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site, servers and everything else with the mask thing and all of that, and it's never good enough. how long can do you this? >> we can't do it much longer. i mean, if we have to shut down right now ahead of the holidays, we are going to lose restaurants, we are going to lose a significant number of our staff and ultimately, yeah, there could be a full failure. we are seeing it right now. thousands, tens of thousands of restaurants are shutting down and all those people hired, all those people had other employees, service workers and contractors, and look, the egomaniacs up there must think we are stupid because you can't exempt an entire industry, i.e., entertainment industry in l.a., and say oh, well, they are exempt because they are essential, right. but science doesn't show they are exempt. you would think maybe medically if they were all immune to the disease by virtue of antibodies or something else, they might be exempt. i can understand that but they are exempt because they are essential? i don't know about you, but i don't need to watch tv although i don't say they shouldn't be working. i believe we all should be working so i don't want to hurt the entertainment industry, but it's just this pick and choose
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and this selective nature by which they are making these kind of economic decisions, because that's what they are. they are economic decisions. they are not human decisions. they are hurting so many people. they are taking out the little guys because they know that we don't have the cash flow in order to lawyer up and fight these, you know, these gratuitous regulations. neil: remarkable argument. andrew, thank you very much. i have been looking at your menu as you're speaking here. we got to talk, my friend, and we will. thank you very much. andrew gruel, slapfish restaurant founder and ceo. we are getting to the point where enough has got to be enough. i felt like... ...i was just fighting an uphill battle in my career. so when i heard about the applied digital skills courses, i'm thinking i can become more marketable.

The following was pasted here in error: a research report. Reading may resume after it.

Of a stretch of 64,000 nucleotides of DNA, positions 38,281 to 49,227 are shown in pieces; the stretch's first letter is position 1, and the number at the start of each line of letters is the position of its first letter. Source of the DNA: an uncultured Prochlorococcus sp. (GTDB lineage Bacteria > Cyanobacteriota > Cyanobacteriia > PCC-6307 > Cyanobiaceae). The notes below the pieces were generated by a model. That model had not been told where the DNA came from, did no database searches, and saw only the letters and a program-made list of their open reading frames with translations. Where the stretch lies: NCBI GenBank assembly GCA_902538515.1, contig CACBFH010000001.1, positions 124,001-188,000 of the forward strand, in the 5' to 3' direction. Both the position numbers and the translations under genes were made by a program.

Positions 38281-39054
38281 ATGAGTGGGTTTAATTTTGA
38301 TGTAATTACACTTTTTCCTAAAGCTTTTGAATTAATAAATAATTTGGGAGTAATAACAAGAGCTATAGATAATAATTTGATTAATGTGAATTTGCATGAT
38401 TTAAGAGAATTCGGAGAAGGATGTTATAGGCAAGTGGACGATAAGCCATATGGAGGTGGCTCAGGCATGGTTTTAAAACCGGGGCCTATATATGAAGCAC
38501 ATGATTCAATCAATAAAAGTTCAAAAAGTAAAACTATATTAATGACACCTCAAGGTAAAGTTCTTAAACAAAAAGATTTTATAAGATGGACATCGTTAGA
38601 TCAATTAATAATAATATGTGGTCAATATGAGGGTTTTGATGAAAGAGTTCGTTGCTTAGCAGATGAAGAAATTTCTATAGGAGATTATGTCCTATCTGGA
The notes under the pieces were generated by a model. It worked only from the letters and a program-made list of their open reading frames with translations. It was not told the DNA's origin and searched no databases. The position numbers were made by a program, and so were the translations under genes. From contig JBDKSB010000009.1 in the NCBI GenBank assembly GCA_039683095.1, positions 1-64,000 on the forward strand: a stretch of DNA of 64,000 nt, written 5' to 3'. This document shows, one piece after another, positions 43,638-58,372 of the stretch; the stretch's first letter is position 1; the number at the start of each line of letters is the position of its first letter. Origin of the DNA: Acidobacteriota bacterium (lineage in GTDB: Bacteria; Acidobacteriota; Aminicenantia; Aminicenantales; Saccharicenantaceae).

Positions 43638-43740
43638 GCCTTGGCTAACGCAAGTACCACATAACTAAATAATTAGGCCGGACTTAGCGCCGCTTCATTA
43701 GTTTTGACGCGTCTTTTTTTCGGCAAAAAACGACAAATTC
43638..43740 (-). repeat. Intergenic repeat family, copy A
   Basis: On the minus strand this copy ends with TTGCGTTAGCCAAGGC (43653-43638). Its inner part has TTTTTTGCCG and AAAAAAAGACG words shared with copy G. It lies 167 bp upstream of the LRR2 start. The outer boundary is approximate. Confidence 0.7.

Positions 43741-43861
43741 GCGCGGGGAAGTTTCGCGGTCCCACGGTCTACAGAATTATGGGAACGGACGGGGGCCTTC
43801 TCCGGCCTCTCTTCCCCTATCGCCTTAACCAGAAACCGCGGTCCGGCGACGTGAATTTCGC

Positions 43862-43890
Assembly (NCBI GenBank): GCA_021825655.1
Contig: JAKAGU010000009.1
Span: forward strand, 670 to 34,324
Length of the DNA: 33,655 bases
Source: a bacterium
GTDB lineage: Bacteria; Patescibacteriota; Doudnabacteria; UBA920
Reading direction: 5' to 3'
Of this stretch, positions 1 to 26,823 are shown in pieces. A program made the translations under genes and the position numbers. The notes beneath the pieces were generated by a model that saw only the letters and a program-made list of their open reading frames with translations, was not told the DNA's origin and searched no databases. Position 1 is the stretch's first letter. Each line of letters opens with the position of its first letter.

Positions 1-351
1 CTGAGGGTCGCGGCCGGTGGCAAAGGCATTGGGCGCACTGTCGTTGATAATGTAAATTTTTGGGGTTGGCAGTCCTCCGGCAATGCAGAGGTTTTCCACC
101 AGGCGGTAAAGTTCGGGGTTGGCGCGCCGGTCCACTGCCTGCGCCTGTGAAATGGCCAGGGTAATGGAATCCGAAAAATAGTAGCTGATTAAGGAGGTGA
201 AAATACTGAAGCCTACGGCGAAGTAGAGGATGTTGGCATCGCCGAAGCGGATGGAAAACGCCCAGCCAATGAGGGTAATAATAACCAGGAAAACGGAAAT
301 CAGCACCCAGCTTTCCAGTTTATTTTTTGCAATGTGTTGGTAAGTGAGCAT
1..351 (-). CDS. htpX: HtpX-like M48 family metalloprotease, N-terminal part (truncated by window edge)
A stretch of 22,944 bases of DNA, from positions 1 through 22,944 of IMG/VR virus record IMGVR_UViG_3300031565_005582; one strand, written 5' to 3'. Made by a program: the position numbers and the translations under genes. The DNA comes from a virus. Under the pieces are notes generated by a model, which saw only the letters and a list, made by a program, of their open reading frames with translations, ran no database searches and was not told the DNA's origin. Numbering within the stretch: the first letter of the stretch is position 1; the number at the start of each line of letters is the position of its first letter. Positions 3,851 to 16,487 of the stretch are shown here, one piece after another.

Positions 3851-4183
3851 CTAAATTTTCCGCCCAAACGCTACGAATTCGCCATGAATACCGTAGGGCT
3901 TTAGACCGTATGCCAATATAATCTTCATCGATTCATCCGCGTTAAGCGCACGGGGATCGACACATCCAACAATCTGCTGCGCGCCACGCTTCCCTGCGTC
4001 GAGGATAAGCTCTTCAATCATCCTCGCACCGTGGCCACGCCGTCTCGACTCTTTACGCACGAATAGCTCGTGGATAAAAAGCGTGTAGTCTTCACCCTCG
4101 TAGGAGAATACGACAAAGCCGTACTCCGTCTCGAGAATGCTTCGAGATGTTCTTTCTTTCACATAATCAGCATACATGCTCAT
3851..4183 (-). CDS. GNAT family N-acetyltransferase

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neil: lit. this "operation warp speed" event is beginning at white house. a who's who of players not i might point out players like pfizer and moderna. we'll monitor closely as well charles payne. hey, charles. >> neil, thank you very much. good afternoon, i'm charles payne. this is "making money." we're waiting for president trump to address the "operation warp speed" summit as we near potential fda green light maybe tomorrow in fact on one of the main vaccines. i will ask dr. jenette nesheiwat my own questions about distribution and also ethical concerns that keep popping up. meanwhile the market resolve continues as major indices turn higher but too many of you not trusting the best observer of opportunities out there in the whole world, yourself. forget the jargon and get in the game. the clock is ticking